3 keys to a Michigan win vs. Georgia

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We are just days away from the College Football Playoff semifinals.

After Michigan lost to Michigan State in the middle of the season, it had just one game that was decided by one score or less — which was a 21-17 win against Penn State. The Wolverines’ offense has clicked on all cylinders after that loss to the Spartans, in a game that the maize and blue very easily could’ve won. The Josh Gattis led offense has scored over 40 points in the last three games that it has played — two of those games being against Ohio State and Iowa.

Things may not be so easy come for the high-flying Wolverines come Friday.

The maize and blue will be facing the Georgia Bulldogs in the semifinals, which is the first meeting between the two teams since 1965. Georgia was the consensus No. 1 team in the nation for the majority of the year until it got thrashed by Alabama in the SEC Championship game, 41-24.

The Bulldogs will still enter the contest with the top-ranked defense in the country, and it will be the biggest test of the year for the Michigan offense.

Here are three keys for a Michigan win on Friday.

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Start fast on offense

Photo: Isaiah Hole

No team had scored more than 17 points against Georgia all season until Alabama scored 41 against the Bulldogs in the SEC Championship game.

In fact, the Bulldogs have had three shutouts this season, and they held five teams to seven or fewer points. The Georgia defense has looked extremely stout all year, which is why UGA has the top-ranked defense in the country.

Georgia only allows teams to score 9.5 points-per-game, and it allows 253.2 yards-per-game. So, what changed in the one game against Alabama?

Once the Crimson Tide found their stride on offense, they never looked back. While the first quarter was a scoreless one for Alabama, it then scored 24 points in the second quarter, then the Tide scored 17 more in the second half.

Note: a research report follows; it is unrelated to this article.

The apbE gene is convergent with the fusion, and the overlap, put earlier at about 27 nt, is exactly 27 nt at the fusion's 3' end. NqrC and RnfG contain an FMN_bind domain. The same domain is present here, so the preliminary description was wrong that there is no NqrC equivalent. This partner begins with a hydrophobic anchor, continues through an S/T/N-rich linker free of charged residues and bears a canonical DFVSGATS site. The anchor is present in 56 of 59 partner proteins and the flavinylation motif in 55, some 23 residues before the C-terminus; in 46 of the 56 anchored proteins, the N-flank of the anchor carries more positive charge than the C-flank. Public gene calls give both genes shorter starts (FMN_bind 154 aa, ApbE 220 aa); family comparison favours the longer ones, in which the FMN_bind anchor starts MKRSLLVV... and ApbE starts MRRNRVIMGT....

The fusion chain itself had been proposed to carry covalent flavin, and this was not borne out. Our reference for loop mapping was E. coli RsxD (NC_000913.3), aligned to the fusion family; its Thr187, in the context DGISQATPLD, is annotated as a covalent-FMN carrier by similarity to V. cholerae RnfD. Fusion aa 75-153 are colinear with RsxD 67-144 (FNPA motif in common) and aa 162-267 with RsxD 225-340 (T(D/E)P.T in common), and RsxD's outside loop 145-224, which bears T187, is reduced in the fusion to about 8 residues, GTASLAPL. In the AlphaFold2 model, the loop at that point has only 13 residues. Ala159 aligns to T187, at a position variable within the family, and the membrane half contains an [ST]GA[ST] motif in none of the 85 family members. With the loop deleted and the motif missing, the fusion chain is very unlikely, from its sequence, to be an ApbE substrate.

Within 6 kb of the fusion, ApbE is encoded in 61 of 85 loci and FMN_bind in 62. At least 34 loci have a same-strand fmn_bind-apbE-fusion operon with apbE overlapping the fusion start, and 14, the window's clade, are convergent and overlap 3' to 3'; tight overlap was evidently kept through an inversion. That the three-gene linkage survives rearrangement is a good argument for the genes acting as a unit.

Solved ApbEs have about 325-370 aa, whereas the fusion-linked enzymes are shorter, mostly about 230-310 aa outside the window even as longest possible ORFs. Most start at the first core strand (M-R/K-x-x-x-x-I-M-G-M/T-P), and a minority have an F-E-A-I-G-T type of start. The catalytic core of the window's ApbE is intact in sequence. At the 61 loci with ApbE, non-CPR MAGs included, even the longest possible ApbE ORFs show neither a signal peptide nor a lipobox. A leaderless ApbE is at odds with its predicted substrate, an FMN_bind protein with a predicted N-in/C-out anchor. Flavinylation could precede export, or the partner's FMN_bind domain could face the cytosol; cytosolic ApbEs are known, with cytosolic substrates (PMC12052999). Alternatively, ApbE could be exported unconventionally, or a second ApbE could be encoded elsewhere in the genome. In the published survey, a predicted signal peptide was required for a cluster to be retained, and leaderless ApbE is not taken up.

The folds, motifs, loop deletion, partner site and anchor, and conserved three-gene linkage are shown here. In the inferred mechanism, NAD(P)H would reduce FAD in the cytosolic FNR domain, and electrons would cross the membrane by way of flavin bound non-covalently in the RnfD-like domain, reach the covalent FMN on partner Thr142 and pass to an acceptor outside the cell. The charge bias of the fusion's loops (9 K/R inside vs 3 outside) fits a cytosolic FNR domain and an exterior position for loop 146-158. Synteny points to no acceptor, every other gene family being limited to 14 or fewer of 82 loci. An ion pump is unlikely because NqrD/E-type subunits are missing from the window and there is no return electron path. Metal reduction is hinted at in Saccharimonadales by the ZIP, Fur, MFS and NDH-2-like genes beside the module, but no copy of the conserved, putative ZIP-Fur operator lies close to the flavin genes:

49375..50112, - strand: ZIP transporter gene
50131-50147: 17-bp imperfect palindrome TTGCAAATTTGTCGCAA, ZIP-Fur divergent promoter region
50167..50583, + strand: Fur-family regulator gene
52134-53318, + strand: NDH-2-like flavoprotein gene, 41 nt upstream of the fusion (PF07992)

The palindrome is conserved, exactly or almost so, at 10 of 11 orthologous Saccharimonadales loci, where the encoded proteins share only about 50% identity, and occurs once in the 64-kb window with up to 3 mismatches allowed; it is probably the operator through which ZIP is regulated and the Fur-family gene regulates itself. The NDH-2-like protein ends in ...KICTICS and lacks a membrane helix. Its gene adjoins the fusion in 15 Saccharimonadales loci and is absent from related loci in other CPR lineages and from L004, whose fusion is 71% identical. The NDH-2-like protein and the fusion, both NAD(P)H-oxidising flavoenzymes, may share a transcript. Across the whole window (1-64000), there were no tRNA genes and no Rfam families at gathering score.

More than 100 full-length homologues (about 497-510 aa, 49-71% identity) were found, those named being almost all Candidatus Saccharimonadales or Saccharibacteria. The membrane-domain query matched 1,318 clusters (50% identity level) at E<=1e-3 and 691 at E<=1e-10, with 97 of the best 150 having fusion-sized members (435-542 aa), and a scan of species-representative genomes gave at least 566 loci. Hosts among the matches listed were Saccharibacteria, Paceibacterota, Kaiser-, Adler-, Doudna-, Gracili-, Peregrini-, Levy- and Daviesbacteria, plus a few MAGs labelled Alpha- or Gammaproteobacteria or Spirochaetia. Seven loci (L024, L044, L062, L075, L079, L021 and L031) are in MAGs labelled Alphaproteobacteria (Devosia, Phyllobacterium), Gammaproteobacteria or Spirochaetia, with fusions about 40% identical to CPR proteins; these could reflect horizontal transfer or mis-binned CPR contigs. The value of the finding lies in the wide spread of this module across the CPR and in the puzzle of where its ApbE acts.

The Bulldogs haven’t faced that kind of adversity, defensively, all year and it showed. Michigan has done extremely well on offense the back half of the year, and it has been getting out to quick starts the last few games.

Josh Gattis had done an excellent job getting his skilled players the ball early. We have seen the end-around to AJ Henning, screens to Blake Corum and Donovan Edwards, and Gattis has even called some pretty nifty trick plays that have had the opposing defense stricken.

If the Wolverines could come out and get a quick score, then it would be interesting to see how Georgia would respond.

Don't allow breakdowns in the middle of the field

Georgia tight end Brock Bowers (19) runs into the end zone for a touchdown against Alabama defensive back Jordan Battle (9) during the second half of the Southeastern Conference championship NCAA college football game, Saturday, Dec. 4, 2021, in Atlanta. (AP Photo/John Bazemore)

The Michigan defense has been sensational under first-year defensive coordinator Mike Macdonald. The Wolverines went from a bottom-tier defense last year, to being a legit top-tier defense in the nation this season.